AMID THE SPORTING clatter and din this holiday weekend, including another Packers comeback over the hapless Vikings, a referendum on the state of Michael Strahan's armpits and way too much airtime - TV and lung - for Shaq and Kobe, one apparent footnote out of Boston commanded significant attention:
Jason Varitek was not only signed to a four-year contract, but he was also named captain of the Red Sox.
The red "C" stitched on his jersey says a thousand words.
In a single act of honor and reward, the Red Sox remedied any lingering psychological repercussions of Pedro Martinez's defection to Shea Stadium. Martinez was a star, a diva. Varitek is all about commitment - to the team, to the city, to fans, to baseball. He was the key free agent who had to return to Boston. The feeling was mutual.
Now Varitek is the first Red Sox captain since Jim Rice and, before Rice, Carl Yastrzemski. That alone is pretty impressive lineage, but it goes way beyond the Red Sox and baseball. Captain is a special category of player in all of sportsdom.
Suddenly, Varitek was placed in a special pantheon as important if not more important than league Most Valuable Player, leading scorer, Gold Glove: Derek Jeter, Mark Messier, Wayne Gretzky, Mario Lemieux, Paolo Maldini, Thurman Munson, Larry Bird, Kareem Abdul-Jabbar, Johnny Bench, Willis Reed, Gino Marchetti, Pee Wee Reese.
It is absolutely the right call.
Way past midnight, a very long time after the Red Sox had lost Game 3 and were facing sudden death against the dreaded Yankees in the 2004 American League Championship Series, Varitek sat in front of his locker in the crowded confines of Fenway Park, his chair facing out to meet the waves of media, his demeanor sober yet patient, honest, available.
Long into the night, Varitek addressed any and all issues that now faced an organization that could barely afford to consider the reality of not only losing to the Yankees, but also getting swept.
Varitek's manner that night was one of calm assurance. The Red Sox were not done, no matter how many times the team was questioned about its work ethic, its future, its failures. Unlike Derek Lowe and Pedro Martinez, Varitek never once used the possible playoff elimination as a platform to start lobbying for his next contract.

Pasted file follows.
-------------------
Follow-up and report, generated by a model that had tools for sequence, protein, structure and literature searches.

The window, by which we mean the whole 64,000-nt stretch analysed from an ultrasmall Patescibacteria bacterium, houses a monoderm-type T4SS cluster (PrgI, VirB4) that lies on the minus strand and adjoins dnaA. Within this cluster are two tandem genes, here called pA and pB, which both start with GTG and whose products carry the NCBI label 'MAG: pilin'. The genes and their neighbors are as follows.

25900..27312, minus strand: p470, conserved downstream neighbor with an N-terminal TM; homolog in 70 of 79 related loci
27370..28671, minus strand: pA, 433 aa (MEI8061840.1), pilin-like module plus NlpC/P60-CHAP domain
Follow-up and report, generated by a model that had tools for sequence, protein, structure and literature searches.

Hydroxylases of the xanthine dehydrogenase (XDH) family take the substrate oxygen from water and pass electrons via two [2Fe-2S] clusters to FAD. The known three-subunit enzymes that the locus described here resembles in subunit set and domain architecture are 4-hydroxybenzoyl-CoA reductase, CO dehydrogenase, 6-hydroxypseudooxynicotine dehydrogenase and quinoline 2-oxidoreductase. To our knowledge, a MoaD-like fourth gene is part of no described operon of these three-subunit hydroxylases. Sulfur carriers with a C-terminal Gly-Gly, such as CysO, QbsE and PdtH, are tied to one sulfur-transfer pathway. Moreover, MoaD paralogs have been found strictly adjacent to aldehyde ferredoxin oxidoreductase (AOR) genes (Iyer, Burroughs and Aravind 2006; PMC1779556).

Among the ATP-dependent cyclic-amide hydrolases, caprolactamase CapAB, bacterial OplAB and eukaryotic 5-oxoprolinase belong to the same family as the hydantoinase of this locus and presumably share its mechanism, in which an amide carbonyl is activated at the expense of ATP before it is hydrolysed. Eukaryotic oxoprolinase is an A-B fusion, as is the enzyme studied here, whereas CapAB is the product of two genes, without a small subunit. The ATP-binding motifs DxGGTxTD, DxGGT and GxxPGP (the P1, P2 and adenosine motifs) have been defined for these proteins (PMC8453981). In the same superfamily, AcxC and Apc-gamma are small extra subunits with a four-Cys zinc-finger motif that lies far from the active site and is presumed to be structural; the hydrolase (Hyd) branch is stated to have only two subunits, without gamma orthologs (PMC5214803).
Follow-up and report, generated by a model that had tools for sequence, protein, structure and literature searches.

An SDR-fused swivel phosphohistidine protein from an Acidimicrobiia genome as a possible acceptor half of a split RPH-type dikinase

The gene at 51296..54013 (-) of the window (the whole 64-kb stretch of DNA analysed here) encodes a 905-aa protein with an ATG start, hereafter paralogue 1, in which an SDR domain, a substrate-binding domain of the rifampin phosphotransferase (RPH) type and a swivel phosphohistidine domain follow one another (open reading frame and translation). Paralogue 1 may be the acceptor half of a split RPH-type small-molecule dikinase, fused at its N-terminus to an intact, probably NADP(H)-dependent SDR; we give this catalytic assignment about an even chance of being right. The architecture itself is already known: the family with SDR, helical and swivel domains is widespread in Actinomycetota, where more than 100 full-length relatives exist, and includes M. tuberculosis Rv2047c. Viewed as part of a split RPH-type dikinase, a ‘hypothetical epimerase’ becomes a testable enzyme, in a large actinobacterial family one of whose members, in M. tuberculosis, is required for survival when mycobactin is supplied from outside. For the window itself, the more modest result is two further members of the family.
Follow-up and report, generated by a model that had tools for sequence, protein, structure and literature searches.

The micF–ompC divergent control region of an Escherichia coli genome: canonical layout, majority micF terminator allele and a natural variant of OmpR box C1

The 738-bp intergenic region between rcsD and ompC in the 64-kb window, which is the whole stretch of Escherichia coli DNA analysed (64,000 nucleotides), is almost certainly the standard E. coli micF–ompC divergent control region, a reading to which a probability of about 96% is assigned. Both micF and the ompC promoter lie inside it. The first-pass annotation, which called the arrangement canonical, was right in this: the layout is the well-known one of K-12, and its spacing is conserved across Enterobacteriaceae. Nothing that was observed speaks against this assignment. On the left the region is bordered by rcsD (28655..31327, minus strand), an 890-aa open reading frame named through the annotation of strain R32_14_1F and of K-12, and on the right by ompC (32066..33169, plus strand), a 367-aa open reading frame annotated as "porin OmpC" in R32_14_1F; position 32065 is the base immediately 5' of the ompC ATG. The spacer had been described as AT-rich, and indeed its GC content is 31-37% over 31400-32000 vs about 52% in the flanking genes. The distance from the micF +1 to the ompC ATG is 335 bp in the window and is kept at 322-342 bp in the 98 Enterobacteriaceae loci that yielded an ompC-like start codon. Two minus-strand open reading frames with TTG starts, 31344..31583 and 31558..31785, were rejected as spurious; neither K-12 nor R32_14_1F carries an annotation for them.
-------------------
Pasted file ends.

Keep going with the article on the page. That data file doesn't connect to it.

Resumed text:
Kevin Millar gets credit for "Cowboying Up" and making "Idiots" of the Red Sox. Johnny Damon gave them a movie-star look and aura. Pedro Martinez gave them fight and fire and unpredictable drama. Manny Ramirez is the sure-hitting space cowboy. Curt Schilling the motor-mouthed mercenary in town to do a job.
All the characters who breathed new life into Boston's long-running baseball theater.
None of them Varitek. He is a player whose personal drive and ability melds perfectly with the goals of an organization and the hearts of the fans. He's not a winner as much as he is a leader.
It was nice to see Varitek making a deal before the Jan. 8 deadline and before agent Scott Boras could divide and conquer the free-agent market with Varitek, delivering him to the highest bidder instead of the team where he belonged. This felt like a marriage, not a shotgun wedding bathed in greenbacks, a la Alex Rodriguez.
For 12 years, from 1980 to 1992, Bird was an NBA captain for the Celtics. In the 12 years since then, the Celtics have changed captains 10 times, which must say something not only about the transiency of pro sports, but also about the deterioration of sports as a bastion for the local "hero" to stick around, stand tall and deliver.
That's why the installation of Jeter as Yankees captain three years ago seemed to mean something. An organization's draft pick who stuck around to become a great player, Jeter has come to exemplify championship baseball, rising to the occasion, especially in October. Captain Clutch, indeed.
Kobe Bryant isn't a captain. Neither is Shaquille O'Neal or Ron Artest or Vince Carter or LeBron James or Carmelo Anthony.
The 76ers made Allen Iverson a captain, but only after the owner tried to trade him to the Clippers, a move tantamount to letting Iverson convince everyone he was a captain, instead of innately being one.
Barry Bonds isn't a captain. Sammy Sosa isn't a captain. Alex Rodriguez was briefly a captain, but only after Rangers manager Buck Showalter had to find a way to appease the disgruntled Rodriguez, who fled the franchise and Texas anyway.
Captain $252 million, almost in Boston, now in New York, where Derek Jeter isn't only the Yankees shortstop, he's also the leader the way Lou Gehrig was, Ron Guidry, Don Mattingly.
There are captains in name: Antoine Walker in Boston, because the Celtics had to name someone, what with all that tradition of winning and leadership.
There are captains in waiting: Miguel Tejada, whose leadership is as vital to his team as his statistics, earning his stripes in one stellar season with the Orioles.
"His numbers pretty much match anybody in the league," Larry Bigbie said last season, adding that Tejada's leadership is such that "if we had to name a team captain, he'd be the guy."
In some sports, there are so many captains that the role's impact and meaning are lessened. In the NFL, for instance, defensive, offensive and special teams captains run out to call the coin toss but go back to the sideline to preside over one of three separate units.
In baseball, basketball, hockey and soccer, with manageable rosters and games that require fluidity and cohesion as much as strategy, the role of captain is far more valuable and stabilizing than symbolic.
Real captains aren't born or preordained, they're self-selected by their own ethic, then recognized because failure to do so would hurt the team. Then they're stitched with a big "C."
Seeing a captain like Varitek named to his post is a nice reminder of this very special category of athlete.